The last scene of the episode was stunning in terms of Emma’s character growth, especially comparing her with Regina and with who she was as a child. Regina was still clinging to her past self, and Emma in the flashbacks was defined so painfully by her lonely past. But that last scene showed us a new Emma—a better, stronger Emma than ever before. She’s not using her past as a reason to stay closed off to others anymore, but she’s not pretending like her past didn’t happen, either. Just like Elsa had to let go of her fear in order to break her chains and Regina struggled to let go of her belief that no one could understand her, Emma had to let go of her fear of sharing her past with someone. And she did. And I’m still emotional about it.
That whole final scene was a really lovely callback to the moment I first really started to like the idea of Emma and Hook being together, when Hook asked who Emma was in Season Three’s “Lost Girl” and proceeded to say that perhaps he would like to know who she really is. Like that moment, this started with a shared flask and a question that could have been met with Emma putting her walls up again. But Emma has grown even from the woman we saw in “Lost Girl.” When Hook asked if he could have the honor of seeing the box that holds what’s left of her childhood, Emma didn’t shut him down. Instead, she handed him the box, symbolically placing her past—the things she’s hidden from everyone else (except the baby blanket she shared with Mary Margaret, which made me cry with its reappearance)—in his hands. That’s terrifying for anyone, but especially for someone whose past has caused them as much pain as Emma’s has. And I loved that Colin O’Donoghue played Hook as being 100% aware of the magnitude of this gesture. He and Jennifer Morrison did so much while saying so little in this final scene. There was such depth in that scene, a real sense of quiet understanding of how important this moment was. And I loved that both actors seemed to understand the gravitas and the intimacy needed to make it resonate the way it did.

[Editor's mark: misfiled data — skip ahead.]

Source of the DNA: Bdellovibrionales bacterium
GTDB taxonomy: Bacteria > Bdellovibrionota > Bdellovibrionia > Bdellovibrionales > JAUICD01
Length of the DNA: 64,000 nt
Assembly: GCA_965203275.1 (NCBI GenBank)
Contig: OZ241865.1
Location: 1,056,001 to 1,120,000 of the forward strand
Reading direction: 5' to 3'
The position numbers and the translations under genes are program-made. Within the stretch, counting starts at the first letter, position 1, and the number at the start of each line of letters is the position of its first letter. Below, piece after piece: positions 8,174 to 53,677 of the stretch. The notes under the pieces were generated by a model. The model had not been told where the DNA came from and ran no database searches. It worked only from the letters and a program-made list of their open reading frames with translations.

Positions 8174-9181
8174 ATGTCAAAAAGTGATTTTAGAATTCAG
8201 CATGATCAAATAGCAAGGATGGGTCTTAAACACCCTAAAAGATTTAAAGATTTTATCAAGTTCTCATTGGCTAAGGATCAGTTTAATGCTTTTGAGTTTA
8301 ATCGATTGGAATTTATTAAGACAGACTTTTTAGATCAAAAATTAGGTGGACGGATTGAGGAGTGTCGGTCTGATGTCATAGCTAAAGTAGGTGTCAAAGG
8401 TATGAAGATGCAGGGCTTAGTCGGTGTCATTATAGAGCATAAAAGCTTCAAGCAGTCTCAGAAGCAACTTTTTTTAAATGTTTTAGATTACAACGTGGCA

There was a lovely little beat where Hook picked up Emma’s glasses and smiled, prompting Emma to smile softly in return. And Morrison used that moment to show Emma’s relief that she made the right choice to trust him with that box. He didn’t run away—not even after the photo of Neal. Her past didn’t scare him off; it made this pirate smile to see her offer him a treasure chest of insight into her beginnings. And I’m hopeful that her sharing all the parts of herself with him—even her painful past—helps him become open to sharing all of himself with her.
As Emma and Hook watched the video of her with Lily, I was struck by the simple idea that’s at the heart of Frozen: Love can thaw. What happened with Lily was just another heartbreak that made Emma grow colder and continue to shut people out. But in that beautiful moment of comfort and support—with Hook holding her hand and her not letting go as his arm went around her—we saw Emma finally learning to lean on someone when she’s feeling vulnerable, finally feeling safe to be her truest self with someone, putting both her past pain and her present vulnerability in the hands of someone she trusts. Having Hook to lean on when she would have otherwise felt alone has made Emma stronger, and it further highlighted to me the reasons why Emma was able to be so open to Regina while Regina was being so harsh to her. Love is strength, and Emma is stronger than ever because she has someone to hold her when things are difficult, and that’s something I have wanted for this character for so long. And it’s something Regina has lost, and I do hope she gets back someday.
That strength is going to be more necessary than ever as Emma deals with the bombshell dropped at the end of this episode. We all had a feeling the Snow Queen was one of Emma’s foster mothers, but that didn’t make the reveal any less fun. I’m absolutely fascinated by the Snow Queen, and so much of that has to do with Elizabeth Mitchell’s performance. She’s channeling something so—sorry for the pun—chilling. Her soft voice and smile are just so unsettling. She was perfectly cast for this role. Also, I know it’s a little detail, but I love the way her hand moves so elegantly as she’s doing her magic. I am also obsessed with her stunning gown (and endlessly amused that she is barefoot under it).
I’m so intrigued by the way this story seems to be working with both Frozen and the original Snow Queen fairytale—with the mirror and the shards of glass. Who will fall victim to it? Why did she try to get close to Emma when she was younger, how did she manage to get to this world, and what happened that led to her wiping Emma’s memories? And what does she want with Emma now?
All we know is that she wants a family, and I wonder if it’s a family made up of magical people because she felt alone and isolated because of her magic. This episode was a reminder of what a lack of love and a sense of being alone can do to people—it can turn them cold and keep them from being their best self. But I am not ready to start theorizing yet. Instead, I just want to remain in a place of complete excitement for what’s to come now that Emma is going to be dealing with this information. It’s certainly going to make an exciting season of growth for Emma even more exciting. And here I am, eagerly waiting for another Sunday night once again.